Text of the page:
In Cedar Rapids, Iowa a helmet-cam is making news. Cedar Rapids Fire Department Captain Rick Halleran got permission to try one out. A fire on December 8 was captured via the camera and is now the focus of an article in the Cedar Rapids Gazette.
Fire Critic Rhett Fleitz also posted this video and gives his view of how the fireground was handled (I am sure Cedar Rapids Chief Steve Reid had opening night jitters over whether their film would get a good review from the Roger Ebert of the fire service).
Here's what Jeff Raasch at thegazette.com had to say (Thanks to John Halbrook & Tim Nemmers for passing this one on to STATter911.com):
Rookie firefighters in Cedar Rapids have another training aid available after a recent garage fire was captured on video.
The 17-minute video follows Capt. Rick Halleran on Dec. 8 as firefighters work to control the fire at 430 20th St. NW. The captivating footage, shot from Halleran’s helmet, offers a rare firsthand glimpse at some of the tactics firefighters use to extinguish fires.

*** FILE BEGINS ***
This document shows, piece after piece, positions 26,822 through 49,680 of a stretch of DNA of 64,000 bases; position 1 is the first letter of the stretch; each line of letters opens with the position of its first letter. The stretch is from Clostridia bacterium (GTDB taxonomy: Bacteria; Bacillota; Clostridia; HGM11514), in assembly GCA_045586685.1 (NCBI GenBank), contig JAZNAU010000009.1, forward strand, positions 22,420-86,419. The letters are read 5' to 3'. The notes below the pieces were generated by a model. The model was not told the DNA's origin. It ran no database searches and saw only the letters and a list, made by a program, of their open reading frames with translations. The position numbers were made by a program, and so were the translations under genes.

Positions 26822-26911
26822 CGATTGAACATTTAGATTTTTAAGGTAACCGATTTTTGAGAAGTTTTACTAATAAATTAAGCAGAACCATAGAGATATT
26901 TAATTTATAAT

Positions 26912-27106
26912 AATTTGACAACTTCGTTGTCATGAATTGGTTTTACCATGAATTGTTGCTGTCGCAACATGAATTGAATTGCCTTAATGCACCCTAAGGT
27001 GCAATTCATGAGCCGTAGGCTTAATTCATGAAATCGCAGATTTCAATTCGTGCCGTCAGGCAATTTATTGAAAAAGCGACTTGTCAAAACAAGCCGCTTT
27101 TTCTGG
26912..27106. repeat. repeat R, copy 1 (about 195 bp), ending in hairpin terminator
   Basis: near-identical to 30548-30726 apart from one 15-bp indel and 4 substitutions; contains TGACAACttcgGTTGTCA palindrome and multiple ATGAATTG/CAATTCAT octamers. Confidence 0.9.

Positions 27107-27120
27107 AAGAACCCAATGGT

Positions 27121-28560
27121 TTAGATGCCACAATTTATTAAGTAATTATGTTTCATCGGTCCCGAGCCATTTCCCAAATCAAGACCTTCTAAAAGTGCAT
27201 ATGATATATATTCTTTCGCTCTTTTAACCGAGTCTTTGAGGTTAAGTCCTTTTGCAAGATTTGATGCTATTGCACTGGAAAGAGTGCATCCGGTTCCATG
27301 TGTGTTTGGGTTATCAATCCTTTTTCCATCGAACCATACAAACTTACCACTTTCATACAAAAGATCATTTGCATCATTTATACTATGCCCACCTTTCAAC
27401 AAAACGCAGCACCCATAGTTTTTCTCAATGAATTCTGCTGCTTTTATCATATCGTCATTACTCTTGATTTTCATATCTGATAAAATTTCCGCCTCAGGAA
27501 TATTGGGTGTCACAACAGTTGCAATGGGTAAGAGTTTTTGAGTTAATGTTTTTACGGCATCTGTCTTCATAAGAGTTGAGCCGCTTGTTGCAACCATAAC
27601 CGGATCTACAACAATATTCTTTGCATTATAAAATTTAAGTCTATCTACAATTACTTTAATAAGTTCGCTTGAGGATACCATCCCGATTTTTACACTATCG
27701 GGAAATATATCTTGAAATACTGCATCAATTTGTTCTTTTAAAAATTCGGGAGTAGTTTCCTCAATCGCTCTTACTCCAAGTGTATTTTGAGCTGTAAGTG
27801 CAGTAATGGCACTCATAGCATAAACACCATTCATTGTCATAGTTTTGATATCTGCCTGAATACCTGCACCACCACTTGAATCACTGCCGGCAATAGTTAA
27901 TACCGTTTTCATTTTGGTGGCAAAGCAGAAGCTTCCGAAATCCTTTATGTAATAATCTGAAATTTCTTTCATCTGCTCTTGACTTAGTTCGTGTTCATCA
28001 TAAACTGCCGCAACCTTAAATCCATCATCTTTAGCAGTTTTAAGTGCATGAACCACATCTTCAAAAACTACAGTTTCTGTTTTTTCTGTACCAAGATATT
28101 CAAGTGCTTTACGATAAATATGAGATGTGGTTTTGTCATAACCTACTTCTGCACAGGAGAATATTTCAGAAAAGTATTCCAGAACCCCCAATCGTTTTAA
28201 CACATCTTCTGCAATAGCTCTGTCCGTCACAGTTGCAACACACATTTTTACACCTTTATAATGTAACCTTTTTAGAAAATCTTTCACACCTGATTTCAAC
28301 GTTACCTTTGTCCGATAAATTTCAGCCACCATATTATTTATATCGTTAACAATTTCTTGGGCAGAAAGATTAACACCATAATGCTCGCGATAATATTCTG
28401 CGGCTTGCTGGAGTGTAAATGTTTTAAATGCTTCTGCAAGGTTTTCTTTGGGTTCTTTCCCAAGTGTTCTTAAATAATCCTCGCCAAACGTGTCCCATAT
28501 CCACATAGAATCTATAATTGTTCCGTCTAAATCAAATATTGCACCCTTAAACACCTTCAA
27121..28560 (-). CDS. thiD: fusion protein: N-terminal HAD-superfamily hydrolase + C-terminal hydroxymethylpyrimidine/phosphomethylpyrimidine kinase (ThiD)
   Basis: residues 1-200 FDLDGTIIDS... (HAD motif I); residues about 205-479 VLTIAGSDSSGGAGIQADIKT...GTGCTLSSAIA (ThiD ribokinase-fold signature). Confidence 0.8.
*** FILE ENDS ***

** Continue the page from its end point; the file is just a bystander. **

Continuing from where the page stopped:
“We always talk about as a crew bringing the pieces of the puzzle together, and this video does a great job of showing that,” Halleran said.
Halleran said he and other firefighters had seen videos shot from helmet cameras on the Internet, and they got permission from Fire Department administrators to try it themselves.
Firefighters agree that the video will be a very valuable training tool in Cedar Rapids, and possibly other jurisdictions. Halleran called it a “textbook” firefight.
“The big thing we talk about in training is having a coordinated attack,” Halleran said. “Now, you actually have the visuals and the audio.”
Fire Department spokesman Greg Buelow said no medical calls would ever be filmed. He said the helmet camera might be rolling again in the future, if the administration approves.
Buelow said some people who watch the video may question the firefighters’ strategy, but he cautioned any rush to judgment. He said firefighters are trained on how to coordinate the attack and must follow strict regulations.
“This is a great learning tool,” Buelow said. “I hope people appreciate it.”